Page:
- 1 tbsp olive oil, plus extra for greasing
- 220g shallots, finely chopped
- 550g pork shoulder, minced by your butcher or chopped into small pieces, then pulsed in a food processor
- 350g sausagemeat
- 4 tbsp port
- Small bunch of fresh thyme, leaves picked and chopped
- Bunch of fresh parsley, leaves finely chopped
- ½ tsp ground allspice
- ¼ tsp ground cloves
- 1 tsp fine sea salt
- ½ tsp freshly ground black pepper
- 3 garlic cloves, finely chopped
- 25 dried juniper berries, crushed
- 130g pistachios, roughly chopped
- rindless streaky bacon rashers
- Gently heat the oil in a pan over a low heat and soften the shallots for 8 minutes, then cool. Mix with all the other ingredients except the whole bacon rashers. Fry a little piece
in a pan, then taste and adjust the seasoning as necessary.
- Preheat the oven to 160°C/fan140°C/gas 3. Stretch each
bacon rasher with the back of a knife to a length of about 28cm.
- Line a 1.2 litre terrine or loaf tin with the bacon, overlapping the slices and leaving the ends hanging over the sides. Fill with the mixture, making sure it gets into the corners (it will dome slightly above the tin).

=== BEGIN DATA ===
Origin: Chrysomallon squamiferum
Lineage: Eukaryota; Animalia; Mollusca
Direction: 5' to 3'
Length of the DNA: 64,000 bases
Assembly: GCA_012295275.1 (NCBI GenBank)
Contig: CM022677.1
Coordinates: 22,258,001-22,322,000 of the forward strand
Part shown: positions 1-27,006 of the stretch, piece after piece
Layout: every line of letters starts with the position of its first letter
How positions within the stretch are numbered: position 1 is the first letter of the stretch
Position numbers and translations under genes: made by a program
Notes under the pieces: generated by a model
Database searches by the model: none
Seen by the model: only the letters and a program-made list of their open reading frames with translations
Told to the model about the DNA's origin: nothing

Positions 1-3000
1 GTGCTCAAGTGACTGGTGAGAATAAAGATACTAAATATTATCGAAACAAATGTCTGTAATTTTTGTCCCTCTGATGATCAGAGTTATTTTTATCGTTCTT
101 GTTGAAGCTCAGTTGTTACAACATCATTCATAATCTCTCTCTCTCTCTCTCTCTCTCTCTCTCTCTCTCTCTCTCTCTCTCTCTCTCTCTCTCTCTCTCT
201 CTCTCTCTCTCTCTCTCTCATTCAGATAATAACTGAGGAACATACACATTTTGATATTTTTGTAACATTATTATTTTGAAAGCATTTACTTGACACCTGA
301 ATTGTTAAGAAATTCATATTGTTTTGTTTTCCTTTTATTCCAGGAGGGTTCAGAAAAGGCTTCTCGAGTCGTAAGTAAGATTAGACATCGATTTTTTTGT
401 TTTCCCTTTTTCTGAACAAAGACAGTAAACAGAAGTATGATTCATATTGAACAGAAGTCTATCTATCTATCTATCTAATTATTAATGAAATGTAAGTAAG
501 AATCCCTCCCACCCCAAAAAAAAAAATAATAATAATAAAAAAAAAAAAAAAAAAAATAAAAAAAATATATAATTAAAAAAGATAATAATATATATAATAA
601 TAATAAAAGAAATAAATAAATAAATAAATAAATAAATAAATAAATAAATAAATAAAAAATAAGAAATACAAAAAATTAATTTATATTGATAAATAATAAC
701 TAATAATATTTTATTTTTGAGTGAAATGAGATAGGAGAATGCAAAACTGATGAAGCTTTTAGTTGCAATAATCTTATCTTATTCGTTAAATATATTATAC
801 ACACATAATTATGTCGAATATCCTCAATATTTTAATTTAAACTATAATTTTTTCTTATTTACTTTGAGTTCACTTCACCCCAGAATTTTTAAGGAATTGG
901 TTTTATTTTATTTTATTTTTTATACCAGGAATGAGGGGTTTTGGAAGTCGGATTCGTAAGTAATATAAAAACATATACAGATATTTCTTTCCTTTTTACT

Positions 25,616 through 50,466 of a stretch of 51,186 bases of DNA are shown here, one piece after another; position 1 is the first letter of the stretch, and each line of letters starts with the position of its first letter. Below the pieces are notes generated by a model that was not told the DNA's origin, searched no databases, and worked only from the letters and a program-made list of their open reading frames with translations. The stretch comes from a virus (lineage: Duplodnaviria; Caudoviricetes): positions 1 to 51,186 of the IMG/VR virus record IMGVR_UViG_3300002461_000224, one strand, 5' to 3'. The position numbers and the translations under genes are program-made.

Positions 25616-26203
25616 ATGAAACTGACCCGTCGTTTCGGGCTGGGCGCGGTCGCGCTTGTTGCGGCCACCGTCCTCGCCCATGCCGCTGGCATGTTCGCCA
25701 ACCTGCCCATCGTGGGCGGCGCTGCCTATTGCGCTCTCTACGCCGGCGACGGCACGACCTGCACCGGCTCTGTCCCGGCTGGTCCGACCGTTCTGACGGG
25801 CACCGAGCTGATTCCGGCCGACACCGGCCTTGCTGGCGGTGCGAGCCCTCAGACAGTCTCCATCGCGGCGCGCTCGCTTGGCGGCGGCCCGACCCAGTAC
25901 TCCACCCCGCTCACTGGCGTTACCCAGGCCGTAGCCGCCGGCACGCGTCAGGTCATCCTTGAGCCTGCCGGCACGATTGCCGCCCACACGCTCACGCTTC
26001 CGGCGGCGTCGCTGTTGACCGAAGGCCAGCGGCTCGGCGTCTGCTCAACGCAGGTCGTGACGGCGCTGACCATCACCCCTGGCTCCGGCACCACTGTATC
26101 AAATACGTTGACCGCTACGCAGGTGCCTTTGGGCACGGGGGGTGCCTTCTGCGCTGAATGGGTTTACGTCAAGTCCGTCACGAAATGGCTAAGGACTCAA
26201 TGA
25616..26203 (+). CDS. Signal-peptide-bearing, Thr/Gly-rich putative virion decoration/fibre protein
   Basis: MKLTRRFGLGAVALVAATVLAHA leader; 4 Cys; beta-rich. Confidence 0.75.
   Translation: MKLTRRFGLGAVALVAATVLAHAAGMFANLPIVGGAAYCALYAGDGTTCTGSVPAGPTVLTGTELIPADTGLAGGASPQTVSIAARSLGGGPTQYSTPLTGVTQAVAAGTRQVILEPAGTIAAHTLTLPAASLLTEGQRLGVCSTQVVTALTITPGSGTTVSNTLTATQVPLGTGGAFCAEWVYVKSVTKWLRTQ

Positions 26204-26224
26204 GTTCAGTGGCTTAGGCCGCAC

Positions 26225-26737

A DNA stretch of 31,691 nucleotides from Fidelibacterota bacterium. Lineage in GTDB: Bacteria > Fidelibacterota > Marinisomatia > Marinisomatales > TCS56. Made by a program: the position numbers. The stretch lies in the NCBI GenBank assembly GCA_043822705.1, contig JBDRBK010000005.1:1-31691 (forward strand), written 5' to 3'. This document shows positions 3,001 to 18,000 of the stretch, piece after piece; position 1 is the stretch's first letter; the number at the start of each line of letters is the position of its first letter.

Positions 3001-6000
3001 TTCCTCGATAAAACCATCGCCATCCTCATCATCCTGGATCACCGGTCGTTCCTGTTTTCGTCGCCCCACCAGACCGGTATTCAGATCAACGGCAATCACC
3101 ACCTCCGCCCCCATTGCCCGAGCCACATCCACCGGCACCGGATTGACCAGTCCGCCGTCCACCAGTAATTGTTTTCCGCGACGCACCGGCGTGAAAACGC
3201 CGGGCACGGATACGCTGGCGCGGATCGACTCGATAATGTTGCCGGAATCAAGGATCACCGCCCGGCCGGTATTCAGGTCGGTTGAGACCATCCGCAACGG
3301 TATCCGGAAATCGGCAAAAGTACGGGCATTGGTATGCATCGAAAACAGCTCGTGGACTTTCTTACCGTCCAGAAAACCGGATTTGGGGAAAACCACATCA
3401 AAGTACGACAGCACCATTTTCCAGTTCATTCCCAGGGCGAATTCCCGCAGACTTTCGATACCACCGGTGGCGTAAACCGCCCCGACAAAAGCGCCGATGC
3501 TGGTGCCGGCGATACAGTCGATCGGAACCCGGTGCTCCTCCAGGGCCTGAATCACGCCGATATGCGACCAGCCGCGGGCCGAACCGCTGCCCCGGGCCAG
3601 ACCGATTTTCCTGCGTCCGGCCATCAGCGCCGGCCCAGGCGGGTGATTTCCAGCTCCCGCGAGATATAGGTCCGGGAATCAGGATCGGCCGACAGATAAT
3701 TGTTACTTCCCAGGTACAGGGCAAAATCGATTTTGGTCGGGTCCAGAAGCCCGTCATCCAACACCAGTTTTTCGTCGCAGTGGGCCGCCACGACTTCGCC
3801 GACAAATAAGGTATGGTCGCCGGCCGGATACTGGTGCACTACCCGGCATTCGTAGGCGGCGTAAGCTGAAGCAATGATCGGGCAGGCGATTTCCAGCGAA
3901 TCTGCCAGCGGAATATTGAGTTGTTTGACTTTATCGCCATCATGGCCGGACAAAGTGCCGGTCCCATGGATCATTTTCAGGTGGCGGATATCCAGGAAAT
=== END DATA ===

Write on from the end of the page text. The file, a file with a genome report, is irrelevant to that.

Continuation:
- Bring the bacon up to enclose the filling. Cover the tin with lightly oiled foil, tightly scrunching it around the sides. Put the terrine in a deep roasting tray and fill with boiling water to come halfway up the sides of the terrine. Bake for 60-75 minutes. Remove the foil, drain any excess juices and return to the oven for a further 15 minutes. The terrine should be firm, the juices should run clear when pierced with a skewer and a thermometer probe inserted into the centre should reach 65°C.
- Remove from the tray and cool for 15 minutes. Tip out any more liquid, cover with cling film, then place a piece of cardboard on top (cut so it fits the inside of the tin) and rest 3 or 4 cans or other weights on top of this. Allow to cool completely before turning out, then slice thickly and serve with pickles and sourdough.
Per serving (based on 10): 376kcals, 27.3g in fat (7.8g saturated), 25.6g protein, 5.3g carbs (3.1g sugars), 2.3g salt, 1.6g fibre
You can store it in the tin for up to a week in the fridge. To freeze for up to 2 months, remove the cooled terrine from the tin, then wrap baking paper and cling film. Defrost in the fridge overnight and bring to room temperature before serving.
Surprisingly perhaps, fine German Riesling, with its honeyed apple flavour, works well. So does off-dry premium cider.